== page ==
The first case of measles this year in San Diego County has been confirmed in an 11-month-old infant, county health officials said Wednesday.
The County of San Diego Health and Human Services Agency said the unimmunized infant recently traveled to the Philippines and is currently hospitalized.
The county said the baby may have exposed others while seeking care at the following locations:
- Kaiser Permanente Otay Mesa Medical Offices, 4650 Palm Ave., San Diego, CA 92154 on the following dates and times: July 29 from 6 p.m. to 9 p.m. in the Pediatric Clinic; Aug. 4 from 8:30 a.m. to 12:30 p.m. in the Pediatric Clinic, Urgent Care and Pharmacy; and Aug. 5 from 4:45 p.m. to 9:30 p.m. in the Pediatric Clinic.
- Kaiser Permanente San Diego Medical Center, 9455 Clairemont Mesa Blvd., San Diego, CA 92123: Aug. 5 from 8 p.m. to 10 p.m. in the Emergency Department.
HHSA is working with Kaiser Permanente to identify and follow up with patients and staff who may have been exposed at those locations to check if they have been vaccinated and their potential for developing measles.
"Measles is a very contagious disease that can be spread easily by coughing, sneezing or being in the same room with an infected person," said Wilma J. Wooten, M.D., M.P.H., County public health officer. "Anyone who was at any of these specific locations at the dates and times listed above should watch for symptoms and call their health care provider if they show any signs of the disease."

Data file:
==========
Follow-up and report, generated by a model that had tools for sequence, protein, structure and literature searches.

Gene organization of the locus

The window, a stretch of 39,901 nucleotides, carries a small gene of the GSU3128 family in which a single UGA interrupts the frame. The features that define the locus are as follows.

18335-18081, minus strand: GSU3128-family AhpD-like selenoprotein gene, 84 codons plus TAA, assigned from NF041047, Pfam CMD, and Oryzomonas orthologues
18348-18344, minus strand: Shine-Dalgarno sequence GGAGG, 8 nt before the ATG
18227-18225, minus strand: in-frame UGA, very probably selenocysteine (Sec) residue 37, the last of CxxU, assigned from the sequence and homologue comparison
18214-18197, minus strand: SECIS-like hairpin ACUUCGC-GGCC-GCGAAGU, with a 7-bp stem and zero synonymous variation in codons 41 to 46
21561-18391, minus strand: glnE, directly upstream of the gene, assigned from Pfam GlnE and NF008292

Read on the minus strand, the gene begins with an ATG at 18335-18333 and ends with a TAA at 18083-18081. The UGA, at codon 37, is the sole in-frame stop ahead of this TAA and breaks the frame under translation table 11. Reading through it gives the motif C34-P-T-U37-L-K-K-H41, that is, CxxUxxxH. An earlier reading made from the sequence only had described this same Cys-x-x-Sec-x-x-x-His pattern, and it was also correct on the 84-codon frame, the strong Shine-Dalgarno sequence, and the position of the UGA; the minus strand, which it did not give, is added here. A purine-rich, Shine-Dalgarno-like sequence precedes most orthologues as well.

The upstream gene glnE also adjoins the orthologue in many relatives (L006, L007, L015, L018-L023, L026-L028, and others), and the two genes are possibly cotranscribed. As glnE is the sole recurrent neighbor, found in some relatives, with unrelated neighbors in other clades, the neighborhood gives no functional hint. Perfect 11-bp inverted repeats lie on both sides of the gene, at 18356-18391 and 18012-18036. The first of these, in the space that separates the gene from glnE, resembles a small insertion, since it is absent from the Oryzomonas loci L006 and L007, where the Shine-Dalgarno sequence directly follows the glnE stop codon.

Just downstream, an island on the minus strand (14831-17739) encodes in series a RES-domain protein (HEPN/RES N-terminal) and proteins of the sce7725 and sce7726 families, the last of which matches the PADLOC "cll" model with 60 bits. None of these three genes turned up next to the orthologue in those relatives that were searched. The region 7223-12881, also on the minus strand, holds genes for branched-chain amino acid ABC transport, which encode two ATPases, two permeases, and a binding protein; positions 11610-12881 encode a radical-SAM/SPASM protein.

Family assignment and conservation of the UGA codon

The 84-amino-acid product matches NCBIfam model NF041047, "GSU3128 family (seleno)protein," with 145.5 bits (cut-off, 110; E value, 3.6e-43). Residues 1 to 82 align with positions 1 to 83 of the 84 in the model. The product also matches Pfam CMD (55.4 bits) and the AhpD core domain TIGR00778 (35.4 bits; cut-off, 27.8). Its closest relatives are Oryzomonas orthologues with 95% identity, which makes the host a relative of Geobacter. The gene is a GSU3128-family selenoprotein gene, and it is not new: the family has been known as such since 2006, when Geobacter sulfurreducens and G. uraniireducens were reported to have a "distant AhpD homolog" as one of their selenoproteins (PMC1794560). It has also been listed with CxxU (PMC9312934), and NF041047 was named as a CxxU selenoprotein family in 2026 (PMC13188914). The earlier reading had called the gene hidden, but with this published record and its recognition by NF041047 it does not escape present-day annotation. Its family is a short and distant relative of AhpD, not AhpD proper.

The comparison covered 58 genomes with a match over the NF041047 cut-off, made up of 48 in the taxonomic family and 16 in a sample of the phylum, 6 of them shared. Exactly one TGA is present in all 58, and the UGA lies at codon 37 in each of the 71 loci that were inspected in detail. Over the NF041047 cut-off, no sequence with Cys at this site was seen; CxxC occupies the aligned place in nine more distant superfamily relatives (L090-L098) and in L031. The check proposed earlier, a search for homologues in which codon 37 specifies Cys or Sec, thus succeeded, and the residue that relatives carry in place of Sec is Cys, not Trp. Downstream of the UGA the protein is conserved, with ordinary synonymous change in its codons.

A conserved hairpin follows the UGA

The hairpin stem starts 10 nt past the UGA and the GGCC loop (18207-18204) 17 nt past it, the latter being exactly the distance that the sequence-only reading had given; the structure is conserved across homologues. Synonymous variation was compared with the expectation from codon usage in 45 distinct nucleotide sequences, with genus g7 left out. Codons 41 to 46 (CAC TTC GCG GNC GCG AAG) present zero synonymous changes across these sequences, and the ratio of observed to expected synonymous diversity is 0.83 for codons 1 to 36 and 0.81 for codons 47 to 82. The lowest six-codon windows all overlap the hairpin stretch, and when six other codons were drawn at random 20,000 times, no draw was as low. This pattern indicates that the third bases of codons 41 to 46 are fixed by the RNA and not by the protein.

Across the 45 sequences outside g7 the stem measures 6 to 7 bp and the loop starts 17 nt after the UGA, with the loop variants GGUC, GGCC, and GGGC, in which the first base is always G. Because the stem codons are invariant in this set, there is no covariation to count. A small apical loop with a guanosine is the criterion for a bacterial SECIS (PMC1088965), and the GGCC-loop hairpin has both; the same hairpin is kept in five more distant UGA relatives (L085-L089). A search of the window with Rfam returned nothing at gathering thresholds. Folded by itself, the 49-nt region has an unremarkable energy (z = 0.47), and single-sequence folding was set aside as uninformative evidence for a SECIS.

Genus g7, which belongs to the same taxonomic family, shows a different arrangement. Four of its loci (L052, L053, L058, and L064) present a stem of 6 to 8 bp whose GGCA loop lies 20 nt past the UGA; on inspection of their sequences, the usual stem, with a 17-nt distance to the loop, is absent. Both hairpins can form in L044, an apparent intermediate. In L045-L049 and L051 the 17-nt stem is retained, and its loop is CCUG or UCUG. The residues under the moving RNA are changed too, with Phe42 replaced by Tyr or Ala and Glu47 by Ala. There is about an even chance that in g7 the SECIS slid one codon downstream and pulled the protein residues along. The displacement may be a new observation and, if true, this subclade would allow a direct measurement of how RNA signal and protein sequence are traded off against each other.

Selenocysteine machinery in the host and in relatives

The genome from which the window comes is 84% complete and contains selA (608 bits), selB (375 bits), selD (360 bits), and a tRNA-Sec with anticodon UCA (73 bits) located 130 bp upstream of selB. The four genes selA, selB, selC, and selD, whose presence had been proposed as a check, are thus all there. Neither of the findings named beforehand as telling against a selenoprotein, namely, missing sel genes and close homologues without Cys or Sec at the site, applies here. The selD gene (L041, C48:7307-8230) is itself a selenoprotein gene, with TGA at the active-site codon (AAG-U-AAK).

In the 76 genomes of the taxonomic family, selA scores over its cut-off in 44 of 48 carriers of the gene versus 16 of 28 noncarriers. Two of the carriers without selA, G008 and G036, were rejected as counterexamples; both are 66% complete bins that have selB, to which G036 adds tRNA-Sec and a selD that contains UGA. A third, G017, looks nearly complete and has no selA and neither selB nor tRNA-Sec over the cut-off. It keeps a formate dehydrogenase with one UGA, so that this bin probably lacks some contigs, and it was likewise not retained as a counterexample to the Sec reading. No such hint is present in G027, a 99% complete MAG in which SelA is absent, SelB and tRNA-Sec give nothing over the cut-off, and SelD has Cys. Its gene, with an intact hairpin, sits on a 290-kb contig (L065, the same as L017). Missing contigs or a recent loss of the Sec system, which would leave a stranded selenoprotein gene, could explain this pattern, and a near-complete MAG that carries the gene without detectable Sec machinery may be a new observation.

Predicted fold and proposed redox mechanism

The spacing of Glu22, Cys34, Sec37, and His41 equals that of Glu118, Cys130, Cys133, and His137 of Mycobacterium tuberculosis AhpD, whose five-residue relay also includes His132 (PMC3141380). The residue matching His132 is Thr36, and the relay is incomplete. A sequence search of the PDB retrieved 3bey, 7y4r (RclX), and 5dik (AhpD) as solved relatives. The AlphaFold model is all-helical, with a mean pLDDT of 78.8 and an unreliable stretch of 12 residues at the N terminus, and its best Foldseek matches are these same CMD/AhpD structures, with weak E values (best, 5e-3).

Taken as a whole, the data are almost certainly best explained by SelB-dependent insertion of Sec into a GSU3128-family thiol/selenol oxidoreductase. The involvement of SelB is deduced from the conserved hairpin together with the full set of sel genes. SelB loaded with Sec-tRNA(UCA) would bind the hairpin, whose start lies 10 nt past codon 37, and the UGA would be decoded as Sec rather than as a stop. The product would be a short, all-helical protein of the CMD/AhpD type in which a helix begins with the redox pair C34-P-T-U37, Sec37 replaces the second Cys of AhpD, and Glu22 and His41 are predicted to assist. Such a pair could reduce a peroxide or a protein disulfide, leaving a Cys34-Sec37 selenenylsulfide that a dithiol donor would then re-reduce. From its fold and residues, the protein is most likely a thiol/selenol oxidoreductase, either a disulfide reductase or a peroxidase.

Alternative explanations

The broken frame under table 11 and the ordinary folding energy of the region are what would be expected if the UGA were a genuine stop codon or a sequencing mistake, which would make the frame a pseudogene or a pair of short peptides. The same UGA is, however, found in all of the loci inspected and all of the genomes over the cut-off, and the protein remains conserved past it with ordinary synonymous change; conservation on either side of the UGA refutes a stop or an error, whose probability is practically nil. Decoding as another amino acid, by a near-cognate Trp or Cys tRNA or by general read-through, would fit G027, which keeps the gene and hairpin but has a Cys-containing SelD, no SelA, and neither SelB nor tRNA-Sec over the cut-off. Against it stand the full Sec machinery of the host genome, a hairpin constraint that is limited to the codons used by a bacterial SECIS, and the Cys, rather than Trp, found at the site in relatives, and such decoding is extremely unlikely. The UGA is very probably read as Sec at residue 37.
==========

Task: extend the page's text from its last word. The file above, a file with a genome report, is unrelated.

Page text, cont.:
People with symptoms are asked to telephone their doctor’s office in advance, rather than visit an office directly, so that infection control measures may be activated to prevent exposure to others.
According to California Center for Disease Control and Prevention website, measles symptoms can appear seven to 14 days after contact with the virus. A measles rash can appear three to five days after the first symptoms.
If by August 26th there are no new cases of measles then we would be in the clear. The incubation period for measles is up to 21 days and the toddler was diagnosed on the 5th, say officials.
County Health Officials say there are about 100 patients that need to be contacted, plus anyone who accompanied those patients.
“I’m very worried because more likely than not, sorry to say, there was someone in those waiting rooms or the emergency room that the health department will not be able to contact,” said Doctor John Bradley, Medical Director of Infectious Disease at Rady Children’s Hospital.
HHSA said complications from measles are more common in children younger than 5 years old and adults 20 years and older.
Complications can include diarrhea, ear infection and pneumonia. Death can occur from severe complications and the risk is higher among younger children and adults. There is no treatment for measles. Bed rest, fluids and fever control are recommended. People with complications may need treatment for their specific problems.
The Centers for Disease Control and Prevention updated the number of reported measles cases in June. They reported it had surpassed 1,000 cases, the highest in 27 years.
Just last month Los Angeles had reported 16 measles cases in county residents just this year.